IMF Survey online: How have all these changes affected the gas export trade of major suppliers?

Gijón: The 2009 financial crisis depressed demand for gas in Europe. For some exporters of natural gas to Europe, this has meant a decline in the volume of exports.

Take Algeria, for example. One of Europe’s key gas suppliers, Algeria sells gas via pipeline to Spain and Italy, its largest purchasers. These pipelines ensure very stable export destinations, with long-term contracts indexed to oil prices and guaranteed minimum purchases. By contrast, Algeria’s non-pipeline exports to Belgium and the United States—which represented 10 percent of the country’s exports in 2005—have stopped in recent years.

While Algeria’s contracts with Italy and Spain ensure stable export markets, the viability of these markets is highly dependent on the economic performance of these buyers. The global financial crisis and the collapse of demand for industrial gas in Europe sharply reduced Algeria’s exports. It appears that these key buyers, locked into their indexed contracts, responded to the decreased demand by purchasing only the minimum volume required by their long-term, oil-price-indexed gas supply contracts.

Thus, while Algeria’s gas prices increased from the lows of early 2009, the volume of gas sold at these indexed prices decreased. So these long-term contracts have the effect of making Algeria’s gas prices less attractive as oil prices increase.

If gas prices become decoupled from oil prices in Europe, as we’ve already seen happen in North America, traditional gas suppliers such as Algeria could face pressure to sell at prices that reflect a whole slew of factors—the total supply, the new gas deregulation laws, environmental concerns, and the cost of other energy sources—rather than just the evolution of spot oil prices. And this will make it more difficult for gas exporters to forecast revenues from natural gas, since these factors will affect the price in different ways. It will become necessary to take different scenarios for prices and quantities more explicitly into account, including for macroeconomic and financial projections.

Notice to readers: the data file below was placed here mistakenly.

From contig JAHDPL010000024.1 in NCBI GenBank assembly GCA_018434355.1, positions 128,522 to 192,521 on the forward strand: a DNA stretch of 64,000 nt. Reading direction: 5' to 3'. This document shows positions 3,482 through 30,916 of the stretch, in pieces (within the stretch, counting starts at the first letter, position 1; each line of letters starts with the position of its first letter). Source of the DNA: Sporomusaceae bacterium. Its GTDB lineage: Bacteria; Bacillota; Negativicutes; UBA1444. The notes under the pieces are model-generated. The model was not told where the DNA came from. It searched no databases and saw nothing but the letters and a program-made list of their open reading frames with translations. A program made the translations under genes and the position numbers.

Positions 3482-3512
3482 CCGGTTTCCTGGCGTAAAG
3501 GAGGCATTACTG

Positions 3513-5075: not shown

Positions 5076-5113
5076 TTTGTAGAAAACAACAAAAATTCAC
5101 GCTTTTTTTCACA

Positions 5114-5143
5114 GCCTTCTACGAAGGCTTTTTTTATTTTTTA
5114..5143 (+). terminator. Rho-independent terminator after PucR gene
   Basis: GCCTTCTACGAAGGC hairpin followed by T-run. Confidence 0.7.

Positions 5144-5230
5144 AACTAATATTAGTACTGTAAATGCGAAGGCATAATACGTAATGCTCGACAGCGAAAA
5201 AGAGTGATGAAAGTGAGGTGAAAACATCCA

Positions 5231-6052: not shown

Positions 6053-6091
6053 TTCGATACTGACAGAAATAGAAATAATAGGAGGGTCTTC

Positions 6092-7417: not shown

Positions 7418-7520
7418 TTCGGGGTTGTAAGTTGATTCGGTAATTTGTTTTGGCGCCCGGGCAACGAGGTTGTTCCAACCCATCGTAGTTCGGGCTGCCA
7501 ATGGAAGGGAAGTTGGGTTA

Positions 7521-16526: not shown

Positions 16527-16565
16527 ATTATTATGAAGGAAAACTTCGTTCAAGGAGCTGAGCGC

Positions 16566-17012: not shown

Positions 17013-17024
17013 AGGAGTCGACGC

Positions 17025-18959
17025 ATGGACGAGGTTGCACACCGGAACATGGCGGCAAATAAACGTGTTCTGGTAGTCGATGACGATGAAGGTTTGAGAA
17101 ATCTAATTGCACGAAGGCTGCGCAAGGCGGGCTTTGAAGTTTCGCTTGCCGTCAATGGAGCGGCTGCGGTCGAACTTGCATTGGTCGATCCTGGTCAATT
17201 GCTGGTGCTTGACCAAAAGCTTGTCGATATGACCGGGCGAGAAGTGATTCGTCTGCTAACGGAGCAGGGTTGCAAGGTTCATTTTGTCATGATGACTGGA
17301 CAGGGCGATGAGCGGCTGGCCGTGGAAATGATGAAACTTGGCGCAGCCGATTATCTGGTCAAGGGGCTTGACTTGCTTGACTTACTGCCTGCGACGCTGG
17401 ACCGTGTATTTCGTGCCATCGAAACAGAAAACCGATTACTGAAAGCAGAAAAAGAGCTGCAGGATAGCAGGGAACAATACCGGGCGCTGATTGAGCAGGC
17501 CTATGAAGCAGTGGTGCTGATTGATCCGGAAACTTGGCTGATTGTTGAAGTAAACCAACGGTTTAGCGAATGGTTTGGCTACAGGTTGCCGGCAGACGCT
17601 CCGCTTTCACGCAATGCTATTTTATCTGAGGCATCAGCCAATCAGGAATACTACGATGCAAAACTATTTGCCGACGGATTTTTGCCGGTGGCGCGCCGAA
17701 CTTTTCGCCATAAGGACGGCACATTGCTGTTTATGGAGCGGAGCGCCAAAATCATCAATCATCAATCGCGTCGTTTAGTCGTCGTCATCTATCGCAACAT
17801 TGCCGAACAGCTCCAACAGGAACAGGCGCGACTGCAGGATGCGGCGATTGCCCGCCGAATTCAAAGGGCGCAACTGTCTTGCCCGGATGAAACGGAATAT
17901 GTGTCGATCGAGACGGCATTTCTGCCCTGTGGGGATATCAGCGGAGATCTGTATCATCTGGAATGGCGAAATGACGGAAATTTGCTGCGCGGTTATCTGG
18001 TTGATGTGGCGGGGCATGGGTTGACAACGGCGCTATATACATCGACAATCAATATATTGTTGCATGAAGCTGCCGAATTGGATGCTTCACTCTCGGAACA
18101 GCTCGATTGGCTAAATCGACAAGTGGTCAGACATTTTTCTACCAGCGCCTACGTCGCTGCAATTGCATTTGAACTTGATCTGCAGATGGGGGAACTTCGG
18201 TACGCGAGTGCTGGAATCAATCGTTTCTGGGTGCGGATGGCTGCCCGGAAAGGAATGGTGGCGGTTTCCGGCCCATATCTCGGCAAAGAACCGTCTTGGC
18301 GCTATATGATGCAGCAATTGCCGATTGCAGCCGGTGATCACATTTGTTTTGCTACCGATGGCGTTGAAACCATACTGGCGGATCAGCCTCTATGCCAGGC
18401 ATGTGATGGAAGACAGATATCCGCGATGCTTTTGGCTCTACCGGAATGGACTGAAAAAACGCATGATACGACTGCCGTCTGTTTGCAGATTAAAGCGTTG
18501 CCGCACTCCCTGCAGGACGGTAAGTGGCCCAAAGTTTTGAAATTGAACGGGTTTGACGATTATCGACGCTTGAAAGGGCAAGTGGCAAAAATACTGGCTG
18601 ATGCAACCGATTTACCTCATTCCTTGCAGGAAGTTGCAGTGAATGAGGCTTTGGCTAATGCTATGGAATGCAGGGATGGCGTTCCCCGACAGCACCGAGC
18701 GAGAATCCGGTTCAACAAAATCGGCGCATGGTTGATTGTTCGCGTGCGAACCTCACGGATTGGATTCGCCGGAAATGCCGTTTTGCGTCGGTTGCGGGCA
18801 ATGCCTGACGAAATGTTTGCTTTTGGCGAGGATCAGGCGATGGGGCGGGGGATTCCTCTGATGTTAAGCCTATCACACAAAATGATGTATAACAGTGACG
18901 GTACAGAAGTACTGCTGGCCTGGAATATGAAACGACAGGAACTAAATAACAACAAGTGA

IMF Survey online: What is your advice to policymakers in countries like Algeria?

De Bock: Well, the large-scale production of unconventional gas in Europe is probably not imminent. This is partly because of the controversy over the possible environmental effects from the technologies used to extract it. However, the recent European legislation to liberalize the gas market—as well as further political unrest in the Middle East and North Africa—could boost efforts to develop a European shale gas industry or a spot market for natural gas.

Countries like Algeria—where natural gas comprises about 49 percent of the exports and oil accounts for another 49 percent—will be economically vulnerable to prolonged periods of low hydrocarbon prices and demand. We believe it is dangerous for countries to rely on a limited basket of exports. So countries that do should strive to diversify by developing a broader industrial and export base, particularly by investing earnings from oil and gas in sectors that will generate tradable income.